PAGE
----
left-behind-bookBut all this Returned business is punctuated by the increase in the opposite premise occurring as well. The Leftovers, one of HBO’s summer shows (based on Tom Perrotta’s novel), focuses on the lives of those left behind after a significant (and random) chunk of the population up and disappears. While that lacks the religiosity of the Rapture, Nicolas Cage is starring in a mainstream reboot of the highly Christian (and highly addictive) Left Behind novels.

Someone seems to think audiences are currently captivated by the Afterlife—in one way or another—but how much of this can we really handle before it becomes passé? (And whom do you despise more: Nicolas Cage or Kirk Cameron, who originated the role that Cage is taking on?)

Headhunters (2011 Film)

Based on Jo Nesbo’s novel of the same name, Headhunters makes for an equally thrilling film about deception and distrust. Roger Brown (Aksel Hennie) is a corporate headhunter (and part-time art thief) who is unknowingly thrown into a game of manipulation, which results in the death of many. In his attempts to create a perfect life for his wife Diana (Synnove Macody Lund)—he’ll do anything for her except give her a child—he finds himself spending above his means and so he steals art and sells it on the black market to make extra money.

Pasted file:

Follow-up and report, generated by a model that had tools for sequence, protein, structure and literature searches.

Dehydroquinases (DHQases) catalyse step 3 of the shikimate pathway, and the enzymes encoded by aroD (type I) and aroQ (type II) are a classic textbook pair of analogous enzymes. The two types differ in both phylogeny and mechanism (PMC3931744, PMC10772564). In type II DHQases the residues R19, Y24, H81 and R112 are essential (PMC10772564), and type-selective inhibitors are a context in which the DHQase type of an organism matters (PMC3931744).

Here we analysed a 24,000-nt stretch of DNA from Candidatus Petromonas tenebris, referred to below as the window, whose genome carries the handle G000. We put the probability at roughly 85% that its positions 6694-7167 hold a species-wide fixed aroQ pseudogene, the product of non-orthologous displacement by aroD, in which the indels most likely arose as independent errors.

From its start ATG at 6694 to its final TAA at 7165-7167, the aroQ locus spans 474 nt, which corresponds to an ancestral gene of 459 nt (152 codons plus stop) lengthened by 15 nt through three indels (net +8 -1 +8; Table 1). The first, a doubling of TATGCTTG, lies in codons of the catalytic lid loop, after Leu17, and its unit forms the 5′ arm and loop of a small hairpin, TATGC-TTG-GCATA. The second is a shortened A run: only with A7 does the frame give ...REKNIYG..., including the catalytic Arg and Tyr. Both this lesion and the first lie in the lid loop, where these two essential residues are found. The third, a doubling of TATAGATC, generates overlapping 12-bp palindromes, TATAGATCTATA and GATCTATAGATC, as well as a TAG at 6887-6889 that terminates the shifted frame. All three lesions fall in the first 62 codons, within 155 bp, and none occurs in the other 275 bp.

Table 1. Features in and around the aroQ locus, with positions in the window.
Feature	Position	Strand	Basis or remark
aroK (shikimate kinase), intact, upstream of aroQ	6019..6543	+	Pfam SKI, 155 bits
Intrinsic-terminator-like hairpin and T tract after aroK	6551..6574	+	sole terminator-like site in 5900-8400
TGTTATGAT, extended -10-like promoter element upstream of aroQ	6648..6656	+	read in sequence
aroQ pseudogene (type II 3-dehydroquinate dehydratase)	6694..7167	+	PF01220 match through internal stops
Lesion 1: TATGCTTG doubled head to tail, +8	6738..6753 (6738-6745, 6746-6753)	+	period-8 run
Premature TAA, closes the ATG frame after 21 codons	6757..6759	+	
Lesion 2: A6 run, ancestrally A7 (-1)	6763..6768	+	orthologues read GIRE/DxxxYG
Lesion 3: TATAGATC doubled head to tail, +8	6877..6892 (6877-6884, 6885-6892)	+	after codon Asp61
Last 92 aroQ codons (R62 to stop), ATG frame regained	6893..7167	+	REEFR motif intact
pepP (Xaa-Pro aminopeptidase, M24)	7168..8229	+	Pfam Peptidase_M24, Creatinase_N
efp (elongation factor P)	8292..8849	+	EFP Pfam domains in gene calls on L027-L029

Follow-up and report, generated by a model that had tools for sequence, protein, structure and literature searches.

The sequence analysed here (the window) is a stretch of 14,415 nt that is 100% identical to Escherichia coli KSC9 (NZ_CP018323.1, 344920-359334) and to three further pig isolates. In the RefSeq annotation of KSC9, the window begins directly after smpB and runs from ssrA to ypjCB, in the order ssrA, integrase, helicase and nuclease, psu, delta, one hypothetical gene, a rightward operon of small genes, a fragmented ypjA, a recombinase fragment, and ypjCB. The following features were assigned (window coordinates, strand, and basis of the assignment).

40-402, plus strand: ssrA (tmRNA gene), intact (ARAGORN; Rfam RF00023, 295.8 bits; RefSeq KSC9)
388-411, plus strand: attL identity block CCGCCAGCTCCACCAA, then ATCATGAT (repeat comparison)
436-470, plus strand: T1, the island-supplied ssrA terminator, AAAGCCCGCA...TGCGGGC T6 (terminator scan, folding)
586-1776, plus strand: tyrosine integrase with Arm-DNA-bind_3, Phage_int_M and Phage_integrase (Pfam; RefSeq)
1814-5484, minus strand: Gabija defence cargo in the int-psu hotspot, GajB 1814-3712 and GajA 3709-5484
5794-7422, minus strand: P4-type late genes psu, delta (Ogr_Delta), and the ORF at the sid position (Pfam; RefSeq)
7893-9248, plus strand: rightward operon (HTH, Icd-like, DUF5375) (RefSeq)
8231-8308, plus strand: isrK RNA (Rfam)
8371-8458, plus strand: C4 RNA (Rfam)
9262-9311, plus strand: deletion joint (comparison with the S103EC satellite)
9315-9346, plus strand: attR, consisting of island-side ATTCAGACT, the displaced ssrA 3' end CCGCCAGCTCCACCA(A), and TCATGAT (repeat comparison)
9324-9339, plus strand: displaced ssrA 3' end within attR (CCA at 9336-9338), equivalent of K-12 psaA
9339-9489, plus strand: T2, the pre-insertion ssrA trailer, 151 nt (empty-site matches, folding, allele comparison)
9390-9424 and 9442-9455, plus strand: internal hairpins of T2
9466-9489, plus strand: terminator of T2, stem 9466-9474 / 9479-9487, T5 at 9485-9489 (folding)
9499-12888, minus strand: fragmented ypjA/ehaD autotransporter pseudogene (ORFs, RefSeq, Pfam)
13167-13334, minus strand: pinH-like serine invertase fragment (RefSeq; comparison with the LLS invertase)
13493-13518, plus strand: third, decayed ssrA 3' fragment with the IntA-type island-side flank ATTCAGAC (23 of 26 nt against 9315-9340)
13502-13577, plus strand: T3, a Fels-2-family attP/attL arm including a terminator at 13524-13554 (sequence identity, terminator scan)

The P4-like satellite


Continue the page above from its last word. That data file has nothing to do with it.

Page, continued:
When a legendary painting is discovered in the house of his new client, Clas Greve (Game of Thrones’ Jaime Lannister—Nikolaj Coster-Waldau), Roger can’t help but attempt to steal it. From that setup alone, you can tell that not all will go well (and it does not). But there is more going on around Roger and the people in his life than he could even have imagined. What’s great about this thriller is that you know something is going to go wrong, but it’s never quite what you expect.

The film almost never strays from the novel, which says more about Nesbo as a writer than about the screenwriters Lars Gudmestad and Ulf Ryberg. Nesbo’s tightly written thriller was easy for the screenwriters to adapt into a tightly written script. In the film they do downplay Roger’s obsession with his “perfect” hair, so when he’s forced to shave his head, it comes off as more of a complete emotional breakdown instead of one based on vanity. They also leave out the complex rules for interviewing that Roger is as obsessed with as he is with his hair. Both omissions just allow the film to flow more fluidly.

Just like in the novel, this film never lets up in the action and suspense. Seeing these moments come alive can be truly horrifying however—all the blood especially reminds you how gruesome this story is. The best part about Headhunters is that even if you’ve read it, there are so many twists and turns that you’ll still find surprises when viewing it.

And if, at the end, it feels like the story wraps up into too neat of a box, it’s because that is the only way to wrap up the story threads and provide a satisfying ending for our protagonist. The book does a more believable job wrapping up the story if only because it goes into more specific detail than the film, but the film doesn’t require as much specification for a succinct denouement.

There is just something so satisfying in watching these Scandinavian crime thrillers (see also: The Girl with the Dragon Tattoo).